I recently had the opportunity to test drive the Chevy Volt as part of Drive for Innovation, a partnership between UBM Electronics, the parent company of Design News, and Avnet Express. During the test drive, EE Times' editorial director, Brian Fuller, asked what it would take for me personally to buy a Volt. I talk about that in the video below.
Source: General Motors.
It's a good question. The short answer, though, is pretty simple: money. The Volt's MSRP is $40,280, which is high, at least for my pocketbook. If you subtract the $7,500 tax credit, it comes to $32,780, which is still about $7,000 more than the base price of a Nissan Leaf.
For me, though, the money issue is also inextricably tied to another matter: all-electric range. At first glance, that might seem like an odd statement, since the Volt has a gasoline backup and an overall range (electric and gasoline) of more than 340 miles. But, right now, I own two cars with more than 150,000 miles on them.
My annual mileage clocks in at well over 30,000 per year, with a high percentage of my trips exceeding the Volt's 40-mile all-electric range. For me, the $12,000 penalty imposed by the Volt's 16kWh battery doesn't make sense, since so much of my time is spent well beyond the all-electric range. In much of my driving, I'd be lugging around a depleted, 400-pound battery that would actually cut my fuel efficiency.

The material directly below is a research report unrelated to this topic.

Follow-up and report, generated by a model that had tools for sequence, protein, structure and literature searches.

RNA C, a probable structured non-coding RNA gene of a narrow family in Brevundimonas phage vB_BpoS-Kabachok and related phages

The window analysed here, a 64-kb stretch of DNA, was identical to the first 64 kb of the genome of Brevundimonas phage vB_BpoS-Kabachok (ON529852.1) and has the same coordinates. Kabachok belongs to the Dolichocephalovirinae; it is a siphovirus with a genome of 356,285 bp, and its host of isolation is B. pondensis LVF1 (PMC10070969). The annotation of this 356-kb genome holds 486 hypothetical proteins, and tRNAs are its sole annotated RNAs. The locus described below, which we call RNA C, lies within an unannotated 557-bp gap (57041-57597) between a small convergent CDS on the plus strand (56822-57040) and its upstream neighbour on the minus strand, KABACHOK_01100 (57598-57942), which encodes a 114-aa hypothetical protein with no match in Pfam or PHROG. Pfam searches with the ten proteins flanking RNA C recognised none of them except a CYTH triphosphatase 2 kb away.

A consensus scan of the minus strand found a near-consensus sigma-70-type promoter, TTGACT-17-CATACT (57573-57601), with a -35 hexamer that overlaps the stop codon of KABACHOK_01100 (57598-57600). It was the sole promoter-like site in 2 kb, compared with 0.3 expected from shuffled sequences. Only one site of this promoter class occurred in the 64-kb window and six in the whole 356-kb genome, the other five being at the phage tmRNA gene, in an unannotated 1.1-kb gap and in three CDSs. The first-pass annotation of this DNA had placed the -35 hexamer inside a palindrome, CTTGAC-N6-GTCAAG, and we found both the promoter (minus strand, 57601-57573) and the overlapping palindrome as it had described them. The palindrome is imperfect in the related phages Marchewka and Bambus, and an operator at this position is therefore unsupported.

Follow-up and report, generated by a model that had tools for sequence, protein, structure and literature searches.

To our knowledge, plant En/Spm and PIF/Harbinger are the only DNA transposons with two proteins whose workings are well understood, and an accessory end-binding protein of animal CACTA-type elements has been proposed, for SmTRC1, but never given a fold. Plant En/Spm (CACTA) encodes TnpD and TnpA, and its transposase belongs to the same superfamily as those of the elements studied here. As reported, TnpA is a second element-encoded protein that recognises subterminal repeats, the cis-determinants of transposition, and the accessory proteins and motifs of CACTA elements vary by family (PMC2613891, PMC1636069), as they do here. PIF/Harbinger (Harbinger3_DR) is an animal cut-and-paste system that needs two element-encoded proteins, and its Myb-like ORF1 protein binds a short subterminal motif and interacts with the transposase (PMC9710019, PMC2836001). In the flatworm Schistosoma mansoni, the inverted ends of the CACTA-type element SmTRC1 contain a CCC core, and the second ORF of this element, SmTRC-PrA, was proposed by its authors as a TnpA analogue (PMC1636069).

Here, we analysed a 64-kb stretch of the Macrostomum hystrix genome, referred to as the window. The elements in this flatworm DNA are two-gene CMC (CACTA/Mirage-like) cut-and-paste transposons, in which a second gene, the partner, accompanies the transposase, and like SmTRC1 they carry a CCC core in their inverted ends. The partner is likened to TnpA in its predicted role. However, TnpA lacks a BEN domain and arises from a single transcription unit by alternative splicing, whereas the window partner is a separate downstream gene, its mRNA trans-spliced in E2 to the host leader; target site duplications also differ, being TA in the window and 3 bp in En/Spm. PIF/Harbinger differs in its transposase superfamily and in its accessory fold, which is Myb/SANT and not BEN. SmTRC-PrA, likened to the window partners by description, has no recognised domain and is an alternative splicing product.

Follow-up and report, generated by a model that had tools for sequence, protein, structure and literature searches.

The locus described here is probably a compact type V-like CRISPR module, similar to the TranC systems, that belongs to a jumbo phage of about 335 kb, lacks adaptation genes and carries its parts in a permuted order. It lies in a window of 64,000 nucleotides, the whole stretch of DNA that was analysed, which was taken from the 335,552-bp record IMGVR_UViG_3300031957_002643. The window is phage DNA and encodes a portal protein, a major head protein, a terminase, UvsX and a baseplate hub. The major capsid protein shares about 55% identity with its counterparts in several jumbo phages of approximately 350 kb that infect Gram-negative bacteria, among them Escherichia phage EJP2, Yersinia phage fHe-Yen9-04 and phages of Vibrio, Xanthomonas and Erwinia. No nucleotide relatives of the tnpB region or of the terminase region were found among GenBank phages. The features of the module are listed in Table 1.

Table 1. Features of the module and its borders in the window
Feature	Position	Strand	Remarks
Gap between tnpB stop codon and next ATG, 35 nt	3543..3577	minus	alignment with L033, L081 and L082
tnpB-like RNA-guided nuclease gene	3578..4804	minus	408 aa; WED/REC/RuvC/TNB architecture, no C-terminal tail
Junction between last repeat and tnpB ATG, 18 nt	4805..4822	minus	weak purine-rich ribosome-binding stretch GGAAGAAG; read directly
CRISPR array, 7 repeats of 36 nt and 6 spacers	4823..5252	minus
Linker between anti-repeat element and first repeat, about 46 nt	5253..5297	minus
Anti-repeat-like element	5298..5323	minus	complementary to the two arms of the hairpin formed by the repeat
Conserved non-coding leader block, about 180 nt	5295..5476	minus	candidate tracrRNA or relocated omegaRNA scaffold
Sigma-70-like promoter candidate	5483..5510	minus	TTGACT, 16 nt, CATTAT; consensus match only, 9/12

That driving profile is unusual, of course. But Fuller's question raises some valid issues: If you buy an electric, does it become your first car or your second? If it's a second car, is the price within your means? Finally, what driver profiles are well-suited to the Volt's capabilities?
If you want to learn more about the Volt, we recommend you go to the Drive for Innovation site and follow Fuller's cross-country Volt journey. On his trip, sponsored by Avnet Express, Fuller is taking the fire engine red Volt to innovation hubs across America, interviewing engineers, entrepreneurs, innovators, and students as he blogs his way across the country.
In the meantime, let us know what you think: What would it take to make you buy a Volt?
I'd LOVE to have a Chevy Volt. Unlike Mr. Murray, my drive to and from work each day is within the electric drive range of the Volt. I currently own two cars and a pickup truck. I would LOVE to thumb my nose at big oil.
Would I BUY a Chevy Volt? No way, not at that price! Not included in the purchase price is the price of a new battery every year or so ($3000?). OUCH! Would I save that much in fuel costs every year? Not quite.
Also, I know the hassles one must go through to be an "early adopter." Been there, done that. When all the bugs are wrung out of the first year's model, and when the price of ownership drops below $30K, THEN I will look seriously into buying one.
But in the meantime, if someone wants to send me one to test for a year or so, I'll gladly drive it around!
I still see this car as a second vehicle as opposed to a primary vehicle even for someone like me who doesn't have a commute to work (I work at of the house). That said, my family does regular road trips of between two or four hours each way and the battery range issue would be a concern. As Chuck and Robinr note, however, the price point is far too high at this stage of the game to make this a viable second vehicle option (or a first car choice for many in this economy).